MAstars 2012: Bartosz Beda, MA Fine Art
Bartosz Beda, Gandhi III - study from memory, 2012. Oil on board. 40cm x 30cm
Carol Huston selects Bartosz Beda from Manchester Metropolitan University for MAstars
Upon entering the Holden Gallery at Manchester Metropolitan last month for the MA 2012 show, I was immediately drawn to several paintings ripe with heavy impasto. Now this was a painter not afraid to lay his medium on thick, a painter who created paintings that you wanted to lick, or at least touch, but only when the guards were out of sight, of course. I quickly discovered that this was the work of Bartosz Beda, an award-winning artist who seemed to be exploding across various internet platforms recently. Short-listed for the Title Art Prize, the Door Prize and the Saatchi New Sensations, Beda finally won the esteemed Towry Award for the Best of the North of England earlier this month. I caught up with the Polish-born, Manchester-based artist to discuss his work, while he’s living in Dresden for a six-month residency.
Bartosz Beda, Woman with Red Nose, 2012. Oil on canvas. 30cm x 40cm
When Beda left his hometown Lódz for Manchester, he remembered how he ‘loved this industrial smell of the past completed by the modern society.’ With a studio at Rogue Artists in Manchester, Beda found a community in which he felt comfortable working and creating. Beda’s interest in painting began from a young age; he remembers being drawn to colour for as long as he can remember. His parents recognised his talent for drawing and sent him to art schools to learn the academic style, which prepared him for study at the Manchester School of Art as an adult. He decided to make painting his profession about six years ago. He realises that he ‘grew up in a generation of young people to which others were telling that painting is dead’. He is open to new forms, but for now painting seems to be where he has successfully settled. Beda describes painting as ‘a medium where [he] could find [him]self well’.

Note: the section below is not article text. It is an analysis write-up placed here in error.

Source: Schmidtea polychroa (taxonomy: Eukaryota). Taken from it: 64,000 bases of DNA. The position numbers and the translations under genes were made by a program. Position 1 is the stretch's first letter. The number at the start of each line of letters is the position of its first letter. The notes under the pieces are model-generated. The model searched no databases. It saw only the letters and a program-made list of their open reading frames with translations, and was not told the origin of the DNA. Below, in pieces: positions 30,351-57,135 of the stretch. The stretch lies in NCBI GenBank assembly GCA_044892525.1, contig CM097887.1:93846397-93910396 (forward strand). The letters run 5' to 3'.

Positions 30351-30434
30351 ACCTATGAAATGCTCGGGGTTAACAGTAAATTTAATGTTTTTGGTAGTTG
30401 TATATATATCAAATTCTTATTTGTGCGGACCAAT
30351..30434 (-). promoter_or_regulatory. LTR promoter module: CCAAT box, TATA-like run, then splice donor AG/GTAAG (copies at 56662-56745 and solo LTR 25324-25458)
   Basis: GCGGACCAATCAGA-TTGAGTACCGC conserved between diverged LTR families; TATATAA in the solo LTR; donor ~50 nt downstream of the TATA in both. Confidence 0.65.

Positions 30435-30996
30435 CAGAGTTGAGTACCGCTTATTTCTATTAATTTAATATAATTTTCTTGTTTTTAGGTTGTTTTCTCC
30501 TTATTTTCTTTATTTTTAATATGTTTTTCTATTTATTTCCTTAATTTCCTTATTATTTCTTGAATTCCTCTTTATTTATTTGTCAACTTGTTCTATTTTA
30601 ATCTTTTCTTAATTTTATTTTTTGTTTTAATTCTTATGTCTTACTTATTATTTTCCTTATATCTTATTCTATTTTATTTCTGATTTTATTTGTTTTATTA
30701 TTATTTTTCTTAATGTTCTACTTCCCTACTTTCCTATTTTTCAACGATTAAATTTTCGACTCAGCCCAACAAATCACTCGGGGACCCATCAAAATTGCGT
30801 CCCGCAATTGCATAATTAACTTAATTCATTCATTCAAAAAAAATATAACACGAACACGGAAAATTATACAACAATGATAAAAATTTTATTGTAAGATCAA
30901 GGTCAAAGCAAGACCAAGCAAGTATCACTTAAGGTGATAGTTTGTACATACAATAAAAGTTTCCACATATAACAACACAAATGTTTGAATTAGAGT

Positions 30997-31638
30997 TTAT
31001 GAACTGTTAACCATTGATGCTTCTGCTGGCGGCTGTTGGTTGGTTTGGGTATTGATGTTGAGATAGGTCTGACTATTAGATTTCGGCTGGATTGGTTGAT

Beda draws from a wide variety of sources, including reading, film, television and the internet. He explains, ‘I imagine myself as a transmitter of information from visual sources to the flat surface of the painting’ when deciding upon his subject matter. He likes to inundate himself with electronic devices and uses the moving image as a source of inspiration. His work also references the sculptures of the great masters as well as photographs he takes with his phone or iPad. Beda’s paintings reflect his own voice, as he strays away from directly imposing other artists’ interpretations into his work. These days he explains that music is a major influence, citing Bob Dylan as a recent favourite. As Beda finishes up his residency in Dresden, I look forward to seeing what new works this young artist will produce in the coming years.
Selected by Carol Huston
Published November, 2012
About Carol Huston
Carol Huston is an arts writer based in Manchester. She's been commissioned by Dazed & Confused, Frieze and NOWNESS as well as smaller webzines, publications, and websites including FLUX, Corridor8, POST NEW, Manchester Fashion Network, artplayer.tv and Aesthetica Magazine blog. She is currently working on articles about Linder Sterling’s 2013 touring ballet and Michael Moorcock’s career.
Carol is finishing a PhD in Art History at the University of Manchester, which will be submitted in January 2013. Her academic research explores the relationship between Eduardo Paolozzi and JG Ballard from 1966 until 1989.
When Carol’s not writing, she can be found drooling over the latest cookbooks, listening to new music or idly flicking though fashion magazines. Carol is open to exploring commissions regarding contemporary art, music and fashion, so feel free to get in touch with her on firstname.lastname@example.org.